Middle East studies in the News
An academic freedom fighter
by Jordan Roth
Nearly two months have passed since a controversial Columbia University internal report lifted the blame from professors accused of anti-Zionist speech and harassing pro-Israel students in the classroom. But now, thanks to students such as Bari Weiss, the intensely heated, intellectual battle at Columbia University is resuming.
Weiss, 21, heads Columbians for Academic Freedom (CAF), a student group which she formed with three other Jewish students. Their mission is to combat the supporters of professors within the university's Department of Middle East and Asian Languages and Cultures (MEALC) who face allegations of strongly antagonizing and intimidating students who voiced opposing views to the professors' anti-Israel speech in the classroom. The group, says Weiss, aims to promote "an environment of intellectual diversity and freedom to dissent."
Weiss feels that she was forced into the position of a "whistle blower" after the filmColumbia Unbecoming, professionally produced by Boston-based Israel advocacy group The David Project, aired charges by students against professors and sparked the dramatic rise of tensions at Columbia throughout this past semester.
In a discussion period following a student screening of the film in December, Weiss said that "people's reactions solidified in me my desire to get involved with this cause." She found many of the reactions "entirely offensive," claiming that many spoke brutally and unsympathetically against the legitimacy of the Jewish students' charges.
Were this another minority besides the Jews, thought Weiss at the time, we would support them.
"I would think that we would just unite as students, and what scares me is that for many the automatic reaction was instead to question and ultimately throw out [the Jewish students'] claims, because of the students' political affiliations."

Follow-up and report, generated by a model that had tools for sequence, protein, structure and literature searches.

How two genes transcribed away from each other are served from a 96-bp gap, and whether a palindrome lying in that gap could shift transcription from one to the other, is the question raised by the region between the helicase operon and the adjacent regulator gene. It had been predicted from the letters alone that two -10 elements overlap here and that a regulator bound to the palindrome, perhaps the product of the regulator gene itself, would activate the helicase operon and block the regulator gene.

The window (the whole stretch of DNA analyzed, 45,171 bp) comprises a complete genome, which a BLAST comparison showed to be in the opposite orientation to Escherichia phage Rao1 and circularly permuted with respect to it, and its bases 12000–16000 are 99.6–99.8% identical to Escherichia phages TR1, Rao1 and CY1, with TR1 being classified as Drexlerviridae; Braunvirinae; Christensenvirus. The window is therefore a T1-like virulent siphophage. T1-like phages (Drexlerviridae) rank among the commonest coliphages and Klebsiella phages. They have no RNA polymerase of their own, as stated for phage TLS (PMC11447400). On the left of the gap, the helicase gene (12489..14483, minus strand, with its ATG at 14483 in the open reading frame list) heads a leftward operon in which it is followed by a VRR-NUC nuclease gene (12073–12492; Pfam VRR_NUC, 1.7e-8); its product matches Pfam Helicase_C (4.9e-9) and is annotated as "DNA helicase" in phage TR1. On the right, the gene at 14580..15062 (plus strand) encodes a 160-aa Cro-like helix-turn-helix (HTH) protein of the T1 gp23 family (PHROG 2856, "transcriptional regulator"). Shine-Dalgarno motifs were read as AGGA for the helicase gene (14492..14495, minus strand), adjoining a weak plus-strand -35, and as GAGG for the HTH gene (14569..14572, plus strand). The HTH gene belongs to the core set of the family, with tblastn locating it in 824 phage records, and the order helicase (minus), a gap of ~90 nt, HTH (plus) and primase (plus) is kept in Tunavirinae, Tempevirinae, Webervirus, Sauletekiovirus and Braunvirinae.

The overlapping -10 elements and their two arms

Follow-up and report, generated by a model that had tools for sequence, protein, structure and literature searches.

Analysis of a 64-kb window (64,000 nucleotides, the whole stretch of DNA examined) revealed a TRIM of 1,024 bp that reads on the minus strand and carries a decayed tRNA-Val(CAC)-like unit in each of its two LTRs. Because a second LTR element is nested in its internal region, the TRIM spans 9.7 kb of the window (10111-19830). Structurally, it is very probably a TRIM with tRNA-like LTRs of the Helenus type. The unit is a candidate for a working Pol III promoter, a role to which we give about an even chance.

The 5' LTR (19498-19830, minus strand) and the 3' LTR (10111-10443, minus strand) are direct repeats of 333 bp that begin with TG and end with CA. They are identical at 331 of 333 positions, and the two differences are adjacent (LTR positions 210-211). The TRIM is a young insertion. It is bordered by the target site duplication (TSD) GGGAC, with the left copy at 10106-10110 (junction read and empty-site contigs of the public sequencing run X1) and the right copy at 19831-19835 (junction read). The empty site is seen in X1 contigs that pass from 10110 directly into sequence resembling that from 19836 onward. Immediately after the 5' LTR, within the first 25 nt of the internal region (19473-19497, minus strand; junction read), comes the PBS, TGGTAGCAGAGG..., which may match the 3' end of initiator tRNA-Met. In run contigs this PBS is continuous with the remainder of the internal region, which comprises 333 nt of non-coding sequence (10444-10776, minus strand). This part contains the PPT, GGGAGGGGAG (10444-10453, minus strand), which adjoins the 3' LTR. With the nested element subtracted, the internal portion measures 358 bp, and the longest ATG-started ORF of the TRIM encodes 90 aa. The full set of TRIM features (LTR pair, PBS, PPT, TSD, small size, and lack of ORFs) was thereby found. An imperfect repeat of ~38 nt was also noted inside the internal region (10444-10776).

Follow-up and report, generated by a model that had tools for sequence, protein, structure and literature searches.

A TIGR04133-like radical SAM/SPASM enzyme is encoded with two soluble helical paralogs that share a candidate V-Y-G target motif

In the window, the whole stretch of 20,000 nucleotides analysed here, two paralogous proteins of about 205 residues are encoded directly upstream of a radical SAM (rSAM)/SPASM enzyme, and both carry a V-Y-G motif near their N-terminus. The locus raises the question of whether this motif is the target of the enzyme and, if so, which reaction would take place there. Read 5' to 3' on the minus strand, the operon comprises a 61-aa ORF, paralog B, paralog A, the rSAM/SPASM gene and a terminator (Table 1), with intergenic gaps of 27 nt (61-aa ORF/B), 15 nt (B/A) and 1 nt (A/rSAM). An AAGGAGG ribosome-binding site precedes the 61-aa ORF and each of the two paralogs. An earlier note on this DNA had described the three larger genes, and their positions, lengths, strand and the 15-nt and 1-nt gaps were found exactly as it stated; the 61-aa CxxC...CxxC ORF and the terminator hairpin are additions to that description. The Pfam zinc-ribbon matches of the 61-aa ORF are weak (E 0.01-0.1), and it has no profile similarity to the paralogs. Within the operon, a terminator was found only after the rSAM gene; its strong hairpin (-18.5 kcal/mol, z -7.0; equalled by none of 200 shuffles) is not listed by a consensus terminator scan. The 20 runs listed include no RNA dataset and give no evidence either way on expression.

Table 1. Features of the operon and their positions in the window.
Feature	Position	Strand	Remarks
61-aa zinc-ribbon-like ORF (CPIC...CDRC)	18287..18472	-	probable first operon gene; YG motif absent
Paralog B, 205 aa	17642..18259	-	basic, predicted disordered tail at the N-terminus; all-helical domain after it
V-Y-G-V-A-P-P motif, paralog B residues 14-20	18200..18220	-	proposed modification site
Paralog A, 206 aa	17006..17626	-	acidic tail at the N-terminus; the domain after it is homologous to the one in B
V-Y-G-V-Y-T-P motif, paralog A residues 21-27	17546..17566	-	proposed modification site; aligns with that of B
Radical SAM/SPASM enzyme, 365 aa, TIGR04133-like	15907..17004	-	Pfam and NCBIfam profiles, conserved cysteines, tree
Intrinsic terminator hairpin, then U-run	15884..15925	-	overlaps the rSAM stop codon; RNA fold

Weiss, who previously founded the Columbia Coalition for Sudan, believes that the media has played both "friend and foe" in this affair – pressuring the administration, including Columbia's president Lee Bollinger, into action, but also creating difficulty for CAF's aims.
In a prominent example of media treatment, Columbia's ad hoc committee investigating allegations of professorial intimidation released its long-awaited report on March 30. Columbia brokered a deal with the New York Times wherein the newspaper would gain exclusive rights to the report providing it not seek comments from students. CAF's supporters argued that the report was an attempt to whitewash the situation at Columbia, as the report cited only three student complaints, out of a reported 60.
The Times March 31 headline read "Columbia Panel Clears Professors on Anti-Semitism," and was followed by other news outlets similarly reporting that anti-Semitism was not found. Weiss, however, labels this a "wonderful publicity move" and claims "we have never charged Columbia with being an anti-Semitic institution."
The Times ended up apologizing for its coverage.
Weiss also has mixed feelings over the recent Columbia motion to establish an Israeli studies chair, in part seeing the measure as "throwing a bone to the Jewish community." She noted that those named to the chair search-committee included Rashid Khalidi, one of the very professors accused of intimidating pro-Israel students.
She also dismisses new student grievance procedures. "The reason why these grievances occurred is because there is an atmosphere of intellectual orthodoxy, and people feel it's okay to ostracize the person who challenges that orthodoxy. Real change will only happen once there is true diversity of ideas within the department, and that can't just come from the students. That also has to come from the professors."